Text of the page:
Boutique Conferences

Earlier this week, Nels wrote about the pros and cons of local, regional, and national ones.  In what follows, I want to propose yet another option, what you might think of as the “Boutique Conference.”  If the national conference is the retail equivalent of a superstore which sells everything from gardening tools to electronics to toiletries under the same roof (think Target, Walmart, etc), and the local or regional conference is its smaller, more-specialized counterpart which offers a few different options but nowhere near the selection or variety of the Superstore (I’m thinking of a grocery store like BiLo or Ralph’s or my hometown favorite, Giant Eagle), the boutique conference is the much smaller and more specialized complement.  In literary studies, you might think of MLA as the the Superstore, the regional MLAs and the field-specific conferences (ASECS, MSA) as the grocery store.  A literary version of the boutique conference might be a conference dedicated to the study of one author, or in some cases, even one text.

I’ve had the opportunity to attend a few of these boutique conferences thus far in my career.  The first couple were grad conferences, and the more recent experiences were conferences organized by different author societies: the William Carlos Williams Society (in the interest of disclosure, I currently serve as the vice-president of the Williams Society), the International James Joyce Foundation, and the T. S. Eliot Society.  These latter conferences have been extremely beneficial to me.  I attended the first in 2005 as I was working on my dissertation, the second after my first year on the tenure-track, and the third was just this past fall.

In both cases, the conferences were attended by a much smaller number of people than either the national or regional conferences in my field.  One was only 15 people while the other two were larger gatherings.  But all three of these conferences featured a wide range of scholars from graduate students to well-known and widely-published scholars.  They are also sometimes attended by “civilians”: non-academics who simply love Joyce (or whomever).   This variety, I think, is one of the true hallmarks of the boutique conference.  Everyone is there because they are interested in the same writer, and in every case, it has been gratifying to see luminaries in these fields share their insights and feedback with those of us who were just getting started in the profession.  Not only did I get to know other graduate students and junior faculty members–people who were at the same stage of their careers as me–but I also got the opportunity to talk to some really important people in my field, in many cases, scholars whose work I had read and admired for years.

But like boutique shopping, boutique conferencing isn’t necessarily cheap.  These conferences are generally held once a year or every other year, and they are often in exotic or international destinations.  That means that for those of us with limited travel resources, we need to budget wisely and choose carefully.  While I would love to attend each of these conferences every time they come around, the reality is that I simply can’t afford it.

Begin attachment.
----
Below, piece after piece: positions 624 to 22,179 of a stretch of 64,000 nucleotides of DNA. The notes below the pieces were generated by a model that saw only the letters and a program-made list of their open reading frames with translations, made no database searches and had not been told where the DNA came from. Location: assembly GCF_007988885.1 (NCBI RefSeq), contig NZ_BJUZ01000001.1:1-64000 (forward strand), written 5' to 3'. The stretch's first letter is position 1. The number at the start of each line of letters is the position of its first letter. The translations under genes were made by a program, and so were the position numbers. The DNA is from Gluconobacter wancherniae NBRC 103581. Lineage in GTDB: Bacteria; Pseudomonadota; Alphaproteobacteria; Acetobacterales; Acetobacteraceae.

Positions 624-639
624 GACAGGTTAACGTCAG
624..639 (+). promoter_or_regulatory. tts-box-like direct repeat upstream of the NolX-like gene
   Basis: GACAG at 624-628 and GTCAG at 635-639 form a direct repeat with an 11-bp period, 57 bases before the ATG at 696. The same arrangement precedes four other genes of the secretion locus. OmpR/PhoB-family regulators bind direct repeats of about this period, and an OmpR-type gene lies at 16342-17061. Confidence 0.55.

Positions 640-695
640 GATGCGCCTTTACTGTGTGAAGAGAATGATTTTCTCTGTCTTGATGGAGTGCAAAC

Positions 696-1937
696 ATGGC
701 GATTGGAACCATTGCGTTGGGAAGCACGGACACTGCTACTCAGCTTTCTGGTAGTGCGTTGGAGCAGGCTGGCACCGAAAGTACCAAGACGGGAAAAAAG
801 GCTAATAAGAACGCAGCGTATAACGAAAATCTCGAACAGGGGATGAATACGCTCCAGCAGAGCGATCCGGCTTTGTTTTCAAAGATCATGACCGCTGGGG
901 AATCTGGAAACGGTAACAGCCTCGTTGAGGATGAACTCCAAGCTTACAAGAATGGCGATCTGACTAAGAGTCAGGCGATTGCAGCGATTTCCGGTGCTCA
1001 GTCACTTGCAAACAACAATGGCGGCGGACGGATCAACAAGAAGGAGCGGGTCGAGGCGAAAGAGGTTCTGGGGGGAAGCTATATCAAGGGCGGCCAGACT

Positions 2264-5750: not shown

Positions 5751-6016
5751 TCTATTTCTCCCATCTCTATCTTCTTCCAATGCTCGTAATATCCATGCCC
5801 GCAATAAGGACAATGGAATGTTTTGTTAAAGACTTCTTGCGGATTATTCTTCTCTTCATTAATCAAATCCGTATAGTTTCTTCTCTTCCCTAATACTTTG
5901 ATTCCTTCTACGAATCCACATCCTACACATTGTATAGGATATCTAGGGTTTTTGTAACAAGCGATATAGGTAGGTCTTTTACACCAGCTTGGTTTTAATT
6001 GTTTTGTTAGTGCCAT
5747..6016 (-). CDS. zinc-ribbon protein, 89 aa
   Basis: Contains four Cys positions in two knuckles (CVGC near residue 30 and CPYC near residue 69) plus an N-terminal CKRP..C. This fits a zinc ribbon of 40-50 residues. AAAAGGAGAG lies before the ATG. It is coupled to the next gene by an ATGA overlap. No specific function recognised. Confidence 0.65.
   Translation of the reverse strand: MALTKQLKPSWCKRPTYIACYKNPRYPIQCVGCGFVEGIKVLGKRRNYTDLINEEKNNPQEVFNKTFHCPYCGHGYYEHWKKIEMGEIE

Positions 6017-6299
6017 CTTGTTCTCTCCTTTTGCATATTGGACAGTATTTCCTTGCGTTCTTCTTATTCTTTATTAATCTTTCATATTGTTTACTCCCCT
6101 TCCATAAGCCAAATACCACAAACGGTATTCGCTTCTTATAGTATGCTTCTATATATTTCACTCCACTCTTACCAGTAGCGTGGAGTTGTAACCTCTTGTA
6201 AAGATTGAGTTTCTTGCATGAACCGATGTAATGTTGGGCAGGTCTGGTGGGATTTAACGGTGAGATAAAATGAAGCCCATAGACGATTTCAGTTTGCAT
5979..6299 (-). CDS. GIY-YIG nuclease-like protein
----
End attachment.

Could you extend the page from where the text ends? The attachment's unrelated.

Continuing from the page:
But it is worth, at least to me, it to try and attend occasionally, especially if you are working on the author in question.  There are few better places to get feedback on you chapter on Joyce or Eliot or Williams (or Shakespeare or Faulkner or Chaucer or Woolf or . . .).  These conferences can be quite an effective motivational carrot.  Not only will I get to reward myself for finishing the chapter with a trip to wherever (hopefully “wherever” is somewhere wonderful, but even if it isn’t, it’s still travel, which I enjoy), but I also know that my audience will be familiar with the poem or book I’ve been thinking about and that there may well be an expert or two or twenty in the room, so hopefully, I’ll get some useful feedback.  Certainly, I do not mean to imply that one cannot receive helpful feedback from national conferences, but often at larger conferences, it can be hard to talk to people after the panels, either because someone else needs the room, or there’s another panel to go to across the street in the other hotel, or because folks have to get to job interviews or are otherwise too busy to stick around and chat.

Ultimately, as Nels pointed out, it is a good idea to attend different kinds of conferences, and each type has definite advantages.   All of them are ways to demonstrate that you are engaged in your field.  And each presents you with the opportunity to get your ideas out to a new audience and to get feedback on those ideas.  Ideally, they would also help you to not only promote your work but also to advance your research agenda, whether by leading directly to a publication or simply in providing you with external deadlines and structure to help you make deadlines.

Have you experienced the boutique conference?  What was your experience like?  Which kind of conference do you prefer (if you have a preference)?

[Photo by Flickr user  zoonabar and licensed through Creative Commons]

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